If you’ve been involved in marketing for more than a few years, you were probably taught to always focus on solutions. Keep it light! Keep it upbeat! Don’t ever have a “negative lead” in your copy. Well, my friend, the times are changing. What marketers have come to understand in recent years is that today’s prospects don’t want their business challenges sugarcoated. What they want is to have their problems solved.
The days of Mad Men—the golden years of the agency business—may be gone, but rocking someone's world with great creative and the smart use of technology make life in a boutique digital marketing agency equally as exciting, even if not quite so glamorous. And given the very changed world we live in today, the results are arguably more impressive.
Thank you for returning as we continue this series of posts on developing an effective digital strategy. Because your strategy should define your goals, as well as the specific tools and tactics you are going to use to accomplish those goals, we're offering this list of topics that your documented strategy should include. Again, we know that there is some redundancy/overlap among these sections, but it's because the tools and tactics work together to form a solid strategy.
Marketing has never been an easy job. But an argument can be made that it’s more difficult today than ever before. From the time-strapped, distracted target audience you’re trying to engage to competitors encroaching on your turf from all over the globe, marketers face a wide range of challenges every day.
In the good old days of mass-media marketing, agencies and marketing executives were loath to provide quantifiable evidence of the effectiveness of their marketing efforts. But as Internet marketing took off, companies began to realize that they could use online metrics to (at least partially) measure the success of their marketing efforts and it could be as simple as counting the number of information request forms or online purchases submitted from their website each month. Interestingly though, content marketing—while the most powerful strategy for growing small to medium-sized business today—has actually complicated the process of quantifying success.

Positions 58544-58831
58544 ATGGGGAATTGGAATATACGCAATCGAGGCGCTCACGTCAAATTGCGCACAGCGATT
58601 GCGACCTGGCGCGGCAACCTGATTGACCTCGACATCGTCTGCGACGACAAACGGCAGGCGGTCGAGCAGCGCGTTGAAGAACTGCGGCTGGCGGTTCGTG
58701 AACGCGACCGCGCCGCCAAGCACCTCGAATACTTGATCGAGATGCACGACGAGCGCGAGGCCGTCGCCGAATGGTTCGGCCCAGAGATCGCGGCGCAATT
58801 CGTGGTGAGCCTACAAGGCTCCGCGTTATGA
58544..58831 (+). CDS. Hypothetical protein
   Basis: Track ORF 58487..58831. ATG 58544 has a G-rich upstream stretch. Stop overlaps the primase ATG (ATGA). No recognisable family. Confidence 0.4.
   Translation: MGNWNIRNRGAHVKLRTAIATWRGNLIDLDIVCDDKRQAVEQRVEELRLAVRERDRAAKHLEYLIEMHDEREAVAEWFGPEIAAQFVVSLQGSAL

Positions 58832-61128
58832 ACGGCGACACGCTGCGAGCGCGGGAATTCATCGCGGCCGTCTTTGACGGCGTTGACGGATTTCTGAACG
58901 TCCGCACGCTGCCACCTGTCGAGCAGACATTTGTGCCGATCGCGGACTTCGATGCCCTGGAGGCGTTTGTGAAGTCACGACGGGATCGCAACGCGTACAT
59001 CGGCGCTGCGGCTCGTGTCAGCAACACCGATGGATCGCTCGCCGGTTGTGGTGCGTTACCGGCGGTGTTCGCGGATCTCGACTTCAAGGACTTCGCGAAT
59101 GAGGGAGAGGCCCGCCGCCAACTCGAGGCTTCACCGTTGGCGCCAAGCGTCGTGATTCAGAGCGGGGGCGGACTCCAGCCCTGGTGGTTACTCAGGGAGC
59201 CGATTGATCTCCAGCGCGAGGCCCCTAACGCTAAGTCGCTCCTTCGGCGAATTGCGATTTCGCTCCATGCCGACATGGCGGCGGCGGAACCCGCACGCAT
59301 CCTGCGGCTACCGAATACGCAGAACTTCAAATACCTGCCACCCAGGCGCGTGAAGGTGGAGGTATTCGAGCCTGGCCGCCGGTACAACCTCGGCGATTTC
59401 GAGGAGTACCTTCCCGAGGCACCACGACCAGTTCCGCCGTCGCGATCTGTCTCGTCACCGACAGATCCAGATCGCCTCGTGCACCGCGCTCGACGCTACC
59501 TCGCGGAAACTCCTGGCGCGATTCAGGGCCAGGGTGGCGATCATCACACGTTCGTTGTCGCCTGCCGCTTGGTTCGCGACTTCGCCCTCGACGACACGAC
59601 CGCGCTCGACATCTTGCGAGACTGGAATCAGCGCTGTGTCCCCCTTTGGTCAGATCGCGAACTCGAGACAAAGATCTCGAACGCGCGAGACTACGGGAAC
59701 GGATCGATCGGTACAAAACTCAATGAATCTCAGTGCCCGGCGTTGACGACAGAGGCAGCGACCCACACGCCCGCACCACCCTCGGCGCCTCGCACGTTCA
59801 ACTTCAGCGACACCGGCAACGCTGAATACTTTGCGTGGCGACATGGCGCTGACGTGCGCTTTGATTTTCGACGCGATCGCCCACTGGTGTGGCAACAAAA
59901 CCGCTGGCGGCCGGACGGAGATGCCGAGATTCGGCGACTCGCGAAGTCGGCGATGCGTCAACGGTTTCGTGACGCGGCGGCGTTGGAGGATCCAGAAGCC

Before I even get a full sentence into writing this post on whether it’s better to utilize in-house marketing resources or a marketing agency, I’ll acknowledge that I am the president of a marketing agency. That said, if I didn’t believe in the value agencies provide and the advantages of working with them, I would no longer be the president of a marketing agency. I’d find myself a job as a VP of marketing somewhere and go that route.
If you’re like most people, it takes you a little time (and more than a little coffee) to get yourself up to speed and fully productive in the morning. For marketers, that slow start can often lead to you feeling like you’re a step behind all day. “I’m just not a morning person,” you say. True as that may be, there are things you can do at the end of the day today that will help you come out of the gate hot tomorrow and have an incredibly productive day.
If you think Instagram is only for people who want to share photos of their vacation to Mexico or their pet’s latest antics, you need to take a second look. Companies are having tremendous success connecting with their target personas through this powerfully-visual medium. Yes, the Instagram demographic does skew toward the 18–34 year old crowd, but: (1) if that’s your target, bingo! and (2) technology tends to find favor with younger age groups first, but middle-aged and older folks inevitably follow.
Many companies see blogging as a one-and-done type of exercise. You come up with a topic. You explain that topic. You move on to the next. The resurgence of an entertainment format called the “serial” has smart marketers rethinking that approach.